UCI introduces tougher anti-doping rules: cycling teams can now be suspended for up to 12 months if two, three or more riders are found guilty of doping
Cycling’s governing body, the UCI, has strengthened its anti-doping rules to include four-year bans, team suspensions and an international tribunal. Overnight, it rolled out its changes for 2015 and beyond based on the new World Anti-Doping Code (WADC).
Several of the changes were expected. The World Anti-Doping Agency (WADA) introduced four-year bans in its 2015 code and the UCI at a September 2014 meeting said that it was planning for an international tribunal to take cases out of the national federations’ hands.
12-month team suspensions
The UCI can now stop its registered teams for up to 12 months. If two cyclists are caught cheating, their team could be suspended from participating in international events from 15 to 45 days based on how the UCI’s disciplinary commission rules. If a third cyclist cheats, the commission can sideline the team for up to 12 months.
The UCI will also fine WorldTour and second division teams five per cent of their team budget if two cyclists cheat in a 12 month period.
The rule change falls in line with the voluntary Movement for a Credible Cycling (MPCC) regulations, which blocks teams from racing for multiple violations. Team Astana, which won the Tour de France with Vincenzo Nibali, pulled itself from competition and missed the Tour of Beijing in 2014 after brothers Valentin and Maxim Iglinskiy failed EPO tests.
UCI President Brian Cookson explained in September that he wants avoid having two sets of rules for teams to follow, even if one is voluntary. The announced change could eliminate the need for MPCC’s rule.
An international court
At the World Championships in Ponferrada, the UCI voted to begin an international anti-doping tribunal to hear cases and to give consistent rulings.
The move came in the wake of Roman Kreuziger’s biological passport case. The UCI announced abnormalities in his passport, but the Czech Republic cleared its cyclist to race and essentially forced the UCI to appeal to the CAS. Pending a ruling, Kreuziger is free to compete for team Tinkoff-Saxo.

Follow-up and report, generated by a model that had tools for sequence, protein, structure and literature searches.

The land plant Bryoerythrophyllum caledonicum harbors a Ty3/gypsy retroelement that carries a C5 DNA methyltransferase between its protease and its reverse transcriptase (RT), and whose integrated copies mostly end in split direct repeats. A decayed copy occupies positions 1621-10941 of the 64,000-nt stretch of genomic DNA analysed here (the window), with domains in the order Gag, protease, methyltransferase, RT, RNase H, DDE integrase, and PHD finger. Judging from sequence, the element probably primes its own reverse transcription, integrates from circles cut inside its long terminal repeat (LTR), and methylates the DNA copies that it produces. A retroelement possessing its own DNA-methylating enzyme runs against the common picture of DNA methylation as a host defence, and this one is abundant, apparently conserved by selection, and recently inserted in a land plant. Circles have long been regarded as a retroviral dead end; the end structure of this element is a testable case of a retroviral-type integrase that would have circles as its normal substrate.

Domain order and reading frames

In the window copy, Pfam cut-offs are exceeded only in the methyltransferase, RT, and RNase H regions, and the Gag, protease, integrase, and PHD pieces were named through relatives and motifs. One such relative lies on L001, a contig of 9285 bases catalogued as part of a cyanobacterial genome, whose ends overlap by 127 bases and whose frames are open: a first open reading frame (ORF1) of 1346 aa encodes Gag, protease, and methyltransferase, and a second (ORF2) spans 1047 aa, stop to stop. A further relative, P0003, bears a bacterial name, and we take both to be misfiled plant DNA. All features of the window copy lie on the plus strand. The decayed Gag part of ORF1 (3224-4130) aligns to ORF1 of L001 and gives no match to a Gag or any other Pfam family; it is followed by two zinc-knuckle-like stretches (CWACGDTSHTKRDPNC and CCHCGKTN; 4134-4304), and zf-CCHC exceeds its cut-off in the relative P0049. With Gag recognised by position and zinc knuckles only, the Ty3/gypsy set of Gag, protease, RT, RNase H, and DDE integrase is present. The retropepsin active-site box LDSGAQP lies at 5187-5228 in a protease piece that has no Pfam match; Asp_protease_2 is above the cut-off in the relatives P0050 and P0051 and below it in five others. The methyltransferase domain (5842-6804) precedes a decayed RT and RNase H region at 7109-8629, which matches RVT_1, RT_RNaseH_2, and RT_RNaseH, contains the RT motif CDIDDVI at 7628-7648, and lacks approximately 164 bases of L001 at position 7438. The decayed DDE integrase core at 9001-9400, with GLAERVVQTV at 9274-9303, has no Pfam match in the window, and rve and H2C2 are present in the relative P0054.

“The tribunal will be made up of judges specialised in anti-doping, independent of the UCI, with the aim to provide all international level athletes with the same consistent process and a clear, short timetable,” read a press release.
“This should ensure consistency and uniform quality in the decisions, significantly reduce the number of cases that go to the CAS on appeal and lift the operational burden from national federations.”
Stricter penalties for everyone
Starting this year, four-year bans will apply to those caught using “serious doping substances” like steroids, growth hormones and EPO or blood doping. The longer ban will also apply to someone who refuses to be tested, evades testing or tampers with the anti-doping samples.
WADA extended the statute of limitations. The UCI can now investigate and sanction someone based on evidence from up to 10, instead of eight, years ago.
Associating with someone banned, like a coach or doctor, now results in a rule violation. This rule was already in place in some countries like Italy. Cyclists Filippo Pozzato (Lampre-Merida), Michele Scarponi (Astana) and Giovanni Visconti (Movistar) served bans for working with Doctor Michele Ferrari.
The UCI explained that cyclists or team staff must report if they know of a situation that could be a rule violation. They must also collaborate in any subsequent investigation.